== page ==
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From serverless, SASE and AI engineering to joint cloud provider offerings, CRN looks at the cloud trends expected to loom large next year.
Cloud Computing 2021- Cloud computing, which underpinned the world’s economy, global supply chains and remote workforces during the coronavirus pandemic, will continue to be an essential target for organizations looking for increased scalability, business continuity and cost efficiency in 2021.
“The effects of COVID-19 will linger throughout 2021, as businesses will look to lay a foundation for increased agility,” said Dustin Milberg, field chief technology officer for cloud services at InterVision, a Santa Clara, Calif.-based IT service provider and AWS Premier Consulting Partner. “Cloud will take a key focus in this goal, given its benefits of improved accessibility, scalability and flexibility.”
But those companies who view cloud as a journey and not a destination will see more success, according to Milberg.
“This is because simply ‘getting to the cloud’ doesn’t automatically mean you’ll see improved performance and spending,” he said. “Instead, cloud is an iterative process of optimization and creating security by design to match your company’s goals, both now and in the long term.”
Enterprises’ technology needs have increased in complexity over the past year, as workplaces quickly became decentralized during the pandemic, with remote workers across the globe, noted Steve Miller-Jones, vice president of edge strategy and solution architecture at Limelight Networks, a Scottsdale, Ariz.-based content delivery network (CDN) service provider.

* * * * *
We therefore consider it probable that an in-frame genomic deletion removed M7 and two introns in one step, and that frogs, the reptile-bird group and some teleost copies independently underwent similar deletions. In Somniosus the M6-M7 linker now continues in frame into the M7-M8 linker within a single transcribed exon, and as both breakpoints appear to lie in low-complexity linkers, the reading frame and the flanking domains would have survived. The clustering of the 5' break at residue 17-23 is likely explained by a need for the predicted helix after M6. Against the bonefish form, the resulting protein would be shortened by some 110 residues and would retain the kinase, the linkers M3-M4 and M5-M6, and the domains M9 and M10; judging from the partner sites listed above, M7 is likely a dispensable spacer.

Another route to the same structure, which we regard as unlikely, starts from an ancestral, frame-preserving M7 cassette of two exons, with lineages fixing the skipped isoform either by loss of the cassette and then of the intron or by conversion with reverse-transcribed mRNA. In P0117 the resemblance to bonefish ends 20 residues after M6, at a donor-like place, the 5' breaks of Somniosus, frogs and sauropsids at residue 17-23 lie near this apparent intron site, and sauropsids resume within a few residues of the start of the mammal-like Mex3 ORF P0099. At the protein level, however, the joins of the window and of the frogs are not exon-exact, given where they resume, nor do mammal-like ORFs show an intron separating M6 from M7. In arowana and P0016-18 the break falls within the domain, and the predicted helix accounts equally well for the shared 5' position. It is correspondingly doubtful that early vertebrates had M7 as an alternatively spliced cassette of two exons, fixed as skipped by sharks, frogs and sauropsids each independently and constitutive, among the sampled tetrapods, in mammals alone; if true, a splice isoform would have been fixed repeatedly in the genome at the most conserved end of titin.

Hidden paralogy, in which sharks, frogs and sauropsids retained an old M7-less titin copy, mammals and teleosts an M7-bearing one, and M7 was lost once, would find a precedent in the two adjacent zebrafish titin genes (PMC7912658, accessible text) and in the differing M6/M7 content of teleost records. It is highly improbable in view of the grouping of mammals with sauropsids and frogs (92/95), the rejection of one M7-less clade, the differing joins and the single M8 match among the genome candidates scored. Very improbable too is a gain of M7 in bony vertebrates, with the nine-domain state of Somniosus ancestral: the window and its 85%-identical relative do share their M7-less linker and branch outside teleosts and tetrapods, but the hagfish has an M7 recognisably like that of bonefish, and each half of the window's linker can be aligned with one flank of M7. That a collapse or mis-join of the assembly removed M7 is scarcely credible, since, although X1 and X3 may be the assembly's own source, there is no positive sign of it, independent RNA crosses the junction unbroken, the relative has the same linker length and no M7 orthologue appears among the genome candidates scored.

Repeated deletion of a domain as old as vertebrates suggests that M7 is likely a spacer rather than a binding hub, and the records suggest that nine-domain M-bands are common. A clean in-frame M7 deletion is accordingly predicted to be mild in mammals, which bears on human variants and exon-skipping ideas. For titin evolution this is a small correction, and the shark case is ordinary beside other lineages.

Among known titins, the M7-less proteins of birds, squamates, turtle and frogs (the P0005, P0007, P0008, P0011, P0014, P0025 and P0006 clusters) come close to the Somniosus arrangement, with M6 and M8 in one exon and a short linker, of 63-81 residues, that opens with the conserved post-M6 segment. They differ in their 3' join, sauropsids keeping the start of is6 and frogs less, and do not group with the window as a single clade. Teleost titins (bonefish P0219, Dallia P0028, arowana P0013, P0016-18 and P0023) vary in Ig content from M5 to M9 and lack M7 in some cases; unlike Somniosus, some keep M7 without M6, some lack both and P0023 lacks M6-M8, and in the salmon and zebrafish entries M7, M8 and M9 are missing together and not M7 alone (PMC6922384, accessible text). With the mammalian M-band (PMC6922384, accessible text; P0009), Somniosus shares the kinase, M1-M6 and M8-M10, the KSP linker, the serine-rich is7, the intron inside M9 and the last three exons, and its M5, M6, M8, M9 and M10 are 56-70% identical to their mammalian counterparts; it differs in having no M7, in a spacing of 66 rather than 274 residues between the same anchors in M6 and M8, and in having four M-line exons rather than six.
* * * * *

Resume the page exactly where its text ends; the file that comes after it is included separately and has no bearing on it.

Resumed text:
“At the same time, exciting new technologies are making it easier to instantly generate, process and analyze data for better business performance,” he said. “These operational demands are shifting how businesses leverage cloud computing.”
Here’s a look at some of the cloud computing trends expected to loom large in 2021.
Global Public Cloud Infrastructure Market Hits $120B
The global public cloud infrastructure market will grow 35 percent to $120 billion in 2021, as the cloud continues to “take center stage” in the recovery from the pandemic, according to Forrester Research.
“The aggressive move to cloud, already proceeding at a healthy clip before the pandemic, will spike in 2021, yielding even greater enterprise adoption, cloud provider revenue and business value,” the Cambridge, Mass.-based market research company said in its “Predictions 2021” report.
Forrester previously forecast the public cloud infrastructure market would increase 28 percent to $113.1 billion next year.
The percentage of worldwide IT spending that’s dedicated to the cloud will continue to accelerate in 2021. Gartner, the Stamford, Conn.-based research and advisory firm, projects that worldwide public cloud spending by end-users will grow 18 percent next year to $304.9 billion, up from $257.5 billion this year.
“The pandemic validated cloud’s value proposition,” Sid Nag, research vice president at Gartner, said in a report this week. “The ability to use on-demand, scalable cloud models to achieve cost efficiency and business continuity is providing the impetus for organizations to rapidly accelerate their digital business transformation plans. The increased use of public cloud services has reinforced cloud adoption to be the ‘new normal’ now more than ever.”
While software as a service (SaaS) still will be the largest market segment for end-user cloud IT spending – it’s expected to grow approximately 16 percent to $117.8 billion — application infrastructure services (PaaS) is expected to grow at a higher 26.6 percent rate to about $55.5 billion, according to Gartner. The growth in PaaS will be driven by remote workforces’ continued need to access to high-performing and scalable infrastructure via modernized and cloud-native applications, it said.
“The cloud is being used to facilitate much of our remote work environments, so companies will continue to migrate workloads and begin using more PaaS resources to take maximum financial advantage of these somewhat forced changes,” said George Burns III, senior consultant for cloud operations at SPR, a Chicago-based technology modernization firm.